elvis Old school old fool

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    Working for bonehead corporates is a bit crap. :(

    I miss working for creative types...
     
  15. Nyarghnia

    Nyarghnia (Taking a Break)

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    I get really annoyed at comments like that, from the chatter on this forum there's a number of people here (including me) entrusted with managing and protecting networks that contain some pretty sensitive information....

    90% of users are clueless when it comes to technology and if something is put in front of them they'll damned well click on it, it's human nature. Even with reminders and training people will click on things.

    Our job is to make sure that enterprise networks are secure and free of nasties, which means that we have to lock down the internet, log stuff and audit user and machine activity.

    To me the internet is one of my biggest headaches, everyone wants facebook, youtube, skype, multifrickn'media and file sharing, yet those same people would be the first to scream blue-murder if there was a security breach.

    Of course, we could just all 'unlock the 'net' onto the corporate network scene, turn off all proxies and stateful packet filtering, turn off the spam filters, get rid of all those annoying group policies and other things which hinder people and then...

    Sit back and wait for about 10minutes till the phones begin ringing :(


    -NyarghNia
     
  16. Swathe

    Swathe (Banned or Deleted)

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    I couldn't agree more.

    Mnay people won;t be able to eventually resist the temptation if it is there, and if it's not required for work t all, there is no point it even being htere anyway. The amount of proxying that people try to do where I work is astounding, and they still use their phones to access it anyway, so why risk potential damage to your network when they can access it via other means too.

    we have a seperate raw net connection in the office that is meant to be used for downloading/transferring large files, but everyone on it lives on facebook etc. Management turns a blind eye because half of them do it too.

    It's easier in the grand scheme of things, in my opinion, that it not be available and there are no exceptions. Soon as one person gets access, the whinging snowballs. Whats worse, up until recently youtube was unblocked but I could SSH into off site servers for work purposes.

    BLOCK EM ALL!
     
  17. elvis

    elvis Old school old fool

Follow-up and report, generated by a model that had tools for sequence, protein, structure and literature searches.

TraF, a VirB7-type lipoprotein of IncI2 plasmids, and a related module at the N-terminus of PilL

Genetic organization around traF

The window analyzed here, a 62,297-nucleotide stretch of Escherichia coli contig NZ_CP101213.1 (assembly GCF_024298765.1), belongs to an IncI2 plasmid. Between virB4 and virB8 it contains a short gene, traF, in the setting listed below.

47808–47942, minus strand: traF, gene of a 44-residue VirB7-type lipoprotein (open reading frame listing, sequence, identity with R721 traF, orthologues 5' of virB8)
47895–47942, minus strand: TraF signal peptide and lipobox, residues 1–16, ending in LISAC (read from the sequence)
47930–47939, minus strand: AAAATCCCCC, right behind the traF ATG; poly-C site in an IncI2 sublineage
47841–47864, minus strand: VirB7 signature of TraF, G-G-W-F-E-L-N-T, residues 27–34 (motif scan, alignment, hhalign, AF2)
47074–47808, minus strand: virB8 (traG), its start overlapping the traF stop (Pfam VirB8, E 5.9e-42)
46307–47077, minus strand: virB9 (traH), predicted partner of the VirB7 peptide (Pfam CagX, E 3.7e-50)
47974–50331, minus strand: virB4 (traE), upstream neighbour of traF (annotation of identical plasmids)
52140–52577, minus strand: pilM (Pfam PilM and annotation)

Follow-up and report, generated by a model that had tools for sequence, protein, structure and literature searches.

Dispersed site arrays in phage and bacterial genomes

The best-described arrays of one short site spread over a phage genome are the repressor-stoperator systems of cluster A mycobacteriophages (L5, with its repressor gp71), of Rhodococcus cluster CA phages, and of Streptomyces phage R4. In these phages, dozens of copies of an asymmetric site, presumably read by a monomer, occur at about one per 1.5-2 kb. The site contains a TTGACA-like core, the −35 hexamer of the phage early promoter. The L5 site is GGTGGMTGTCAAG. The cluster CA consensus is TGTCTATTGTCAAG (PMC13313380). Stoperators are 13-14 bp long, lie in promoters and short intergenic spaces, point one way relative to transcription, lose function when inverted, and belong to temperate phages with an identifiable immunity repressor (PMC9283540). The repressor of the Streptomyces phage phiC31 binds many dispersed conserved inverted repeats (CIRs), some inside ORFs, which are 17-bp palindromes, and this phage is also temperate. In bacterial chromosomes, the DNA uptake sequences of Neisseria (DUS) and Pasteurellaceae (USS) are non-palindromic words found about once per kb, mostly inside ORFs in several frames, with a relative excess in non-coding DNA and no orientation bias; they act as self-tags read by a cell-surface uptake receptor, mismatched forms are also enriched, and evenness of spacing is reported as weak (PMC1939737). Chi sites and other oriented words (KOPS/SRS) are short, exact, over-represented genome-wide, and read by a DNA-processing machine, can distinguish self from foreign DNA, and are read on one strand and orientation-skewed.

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    Don't be.

    There are a huge variety of different businesses out there. You and I might work for ones that are (rightly) paranoid about data loss, but for every one like us there are businesses where it's perfectly harmless for staff to browse facebook and YouTube.

    Proffesso in particular works for the creative industries. It's very healthy for that sort of business to allow free roam to their staff. It gives them the freedom to track down source and reference information quickly, and means they are better equipped to sort out artistic problems and make deadline. And as he mentioned, if people are going to waste their time in that industry online, it becomes very obvious very quickly (unlike the corporate world where dead weight can hide in the white noise for decades).

    Just as there are many different vendors, brands of software and hardware, there are also many different types of business. People need to understand not everyone is a big finance or public sector org with security policies out the whazoo (and likewise, others need to understand that some of us are).

    Viva la difference.
     
  18. Nyarghnia

    Nyarghnia (Taking a Break)

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    That is indeed true, but the thought of what kind of stuff could be lurking on those networks just scares me silly...

    -NyarghNia
     
  19. username_taken

    username_taken Member

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    working for creative types also has its drawbacks ... but yes it's still lightyears ahead of bonehead corps.
     
  20. OP
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    Ding.Chavez

    Ding.Chavez Member

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    I think youtube.com have an obligation to provide classifications of their movies content if they truely want to be welcomed to the corporate environment as a training distribution medium. I guess they would ask for a premium for you to access it then! :)

    Pity, good videos are on there for my particular business. In my case salesforce.com has training vidz that my sales team want to view but I am now limited to either 1: allowing all access for a limited amount of time or; 2: rip them off illegally and host them locally.

    Surely there is a common ground somewhere?